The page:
Stack Overflow is a community of 4.7 million programmers, just like you, helping each other.

Join them; it only takes a minute:

Sign up
Join the Stack Overflow community to:
  1. Ask programming questions
  2. Answer and help your peers
  3. Get recognized for your expertise

The text in italics describes my general goal, if anyone is interested. Question is underneath.

I am trying to graph the energy levels of simple molecules using Mathematica 8. My method is crude, and goes as this:

  1. Find eigenvalues of simple Hückel matrix.
  2. Delete duplicates and determine size of list.
  3. Evaluate the number of degeneracies by comparing duplicate list with no-duplicate list.
  4. Create a n x 2 zero matrix where n is the number of unique energy levels.

5. Fill first column with unique energy levels, second column with degeneracies.

The matrix generated in step 5 can look like this:

(1  2)
(3  1)   ==    M
(-1 1)

I wish to evaluate the maximum of column 2, and then find the value of the element in the same row, but in column 1. In this case, the answer I am looking for is 1.

These commands both evaluate to -1:

Extract[M[[All, 1]], M[[Max[M[[All, 2]]], 1]]]
M[[Max[M[[All, 1]]], 1]]

which is not the answer I want.

Any tips?

EDIT: This

Part[Part[Position[M, Max[M[[All, 2]]]], 1], 1]

works, but I don't understand why I have to use Part[] twice.

share|improve this question
up vote 2 down vote accepted

The inner Part gives you the first occurance of the maximum. Position returns a list of positions, even if there is only one element that has the maximum value, like this:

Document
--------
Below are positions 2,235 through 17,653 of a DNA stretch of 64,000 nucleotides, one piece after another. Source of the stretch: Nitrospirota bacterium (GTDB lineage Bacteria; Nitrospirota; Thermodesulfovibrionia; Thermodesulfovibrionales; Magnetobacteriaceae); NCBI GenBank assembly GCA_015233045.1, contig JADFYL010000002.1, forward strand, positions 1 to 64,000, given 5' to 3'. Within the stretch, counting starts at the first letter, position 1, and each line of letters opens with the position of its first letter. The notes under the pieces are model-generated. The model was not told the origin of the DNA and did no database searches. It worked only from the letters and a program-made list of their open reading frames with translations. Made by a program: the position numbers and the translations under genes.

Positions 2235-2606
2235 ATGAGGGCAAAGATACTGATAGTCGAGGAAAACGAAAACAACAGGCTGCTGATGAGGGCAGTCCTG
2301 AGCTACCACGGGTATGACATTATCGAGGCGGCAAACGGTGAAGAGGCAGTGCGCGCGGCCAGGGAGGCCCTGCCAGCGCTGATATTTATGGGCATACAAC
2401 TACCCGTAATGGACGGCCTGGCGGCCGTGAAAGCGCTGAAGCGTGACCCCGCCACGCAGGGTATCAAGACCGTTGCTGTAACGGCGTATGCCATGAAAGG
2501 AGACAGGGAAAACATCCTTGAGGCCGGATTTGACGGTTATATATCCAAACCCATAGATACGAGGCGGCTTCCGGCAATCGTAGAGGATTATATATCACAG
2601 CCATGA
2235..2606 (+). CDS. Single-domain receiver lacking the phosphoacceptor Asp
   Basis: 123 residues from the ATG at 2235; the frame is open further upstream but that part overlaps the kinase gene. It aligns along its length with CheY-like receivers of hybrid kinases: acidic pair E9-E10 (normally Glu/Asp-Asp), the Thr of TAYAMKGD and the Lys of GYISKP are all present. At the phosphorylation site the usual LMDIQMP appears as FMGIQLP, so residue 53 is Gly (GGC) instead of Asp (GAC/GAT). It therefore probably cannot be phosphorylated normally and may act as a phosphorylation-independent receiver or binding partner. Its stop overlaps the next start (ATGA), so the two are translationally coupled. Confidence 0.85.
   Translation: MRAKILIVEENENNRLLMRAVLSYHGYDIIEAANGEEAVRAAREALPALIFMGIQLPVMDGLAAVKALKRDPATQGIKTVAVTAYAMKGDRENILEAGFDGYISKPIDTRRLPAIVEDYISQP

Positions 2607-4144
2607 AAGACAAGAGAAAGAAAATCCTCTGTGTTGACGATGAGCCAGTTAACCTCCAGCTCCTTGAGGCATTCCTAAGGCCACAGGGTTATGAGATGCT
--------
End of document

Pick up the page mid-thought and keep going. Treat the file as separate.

M = {{2, 2}, {2, 3}, {2, 2}, {1, 1}}

 {{2, 2}, {2, 3}, {2, 2}, {1, 1}}

Position[M, Max[M[[All, 2]]]]

 {{2, 2}}

So you want the first element in the first element of this output. You could condense your code like this:

Position[M, Max[M[[All, 2]]]][[1, 1]]

However, one thing that I think your code needs to handle better is this case:

 M = {{3, 2}, {2, 3}, {2, 2}, {1, 1}}

3, 2}, {2, 3}, {2, 2}, {1, 1}}

Position[M, Max[M[[All, 2]]]]

{{1, 1}, {2, 2}}

You will get the wrong answer with your code in this case.

Better would be:

M[[All, 1]][[Position[M[[All, 2]], Max[M[[All, 2]]]][[1, 1]] ]]

Or alternatively

M[[Position[M[[All, 2]], Max[M[[All, 2]]]][[1, 1]], 1]]
share|improve this answer
    
I used your last version. It worked great. Thanks! – CHM Jan 11 '12 at 5:21
    
I can't commit to the Mathematica stack, since it is already 100%. Gneh – CHM Jan 14 '12 at 0:22
    
It worked, I'm in. – CHM Jan 14 '12 at 1:44
m = {{1, 2}, {3, 1}, {-1, 1}}
max = Max[m[[All, 2]]]

So find the position of the max and replace the second column with the first:

pos=Position[m, max] /. {x_,_}:>{x,1}
{{1,1}}

Then take the first element from pos, i.e. {1,1} and sub use it in Part

m[[Sequence @@ First[pos]]]
1

But having said that I prefer something like this:

Cases[m, {x_, max} :> x]
{1}

The result is a list. You could either use First@Cases[...] or you might want to keep a list of results to cover cases where the maximum value occurs more than once in a column.

share|improve this answer
    
Your version is far more elegant than mine. I was focussed on explaining how Position and Part worked. – Verbeia Jan 11 '12 at 5:54
    
I started down that route but then decided to do it the way I would do it. – Mike Honeychurch Jan 11 '12 at 6:08
    
One of those cases where both answers are worth keeping, then. I wonder which is faster? – Verbeia Jan 11 '12 at 6:17
    
On my machine the timing for this is negligible so I would use Cases simply because I like using it :) and find it much easier to read. – Mike Honeychurch Jan 11 '12 at 6:29
    
Thanks guys, I did not anticipate such sympathetic and fast answers. I have been reading SO for a while, but I have just registered. Thank you for the nice answers. – CHM Jan 14 '12 at 0:20

If you only want a single column one value in the case of duplicate maximum values in column two I suggest that you make use of Ordering:

m = {{1, 3}, {1, 8}, {5, 7}, {2, 2}, {1, 9}, {4, 9}, {5, 6}};

m[[ Ordering[m[[All, 2]], -1], 1 ]]
{4}
share|improve this answer

Your Answer

 
discard

By posting your answer, you agree to the privacy policy and terms of service.

Not the answer you're looking for? Browse other questions tagged or ask your own question.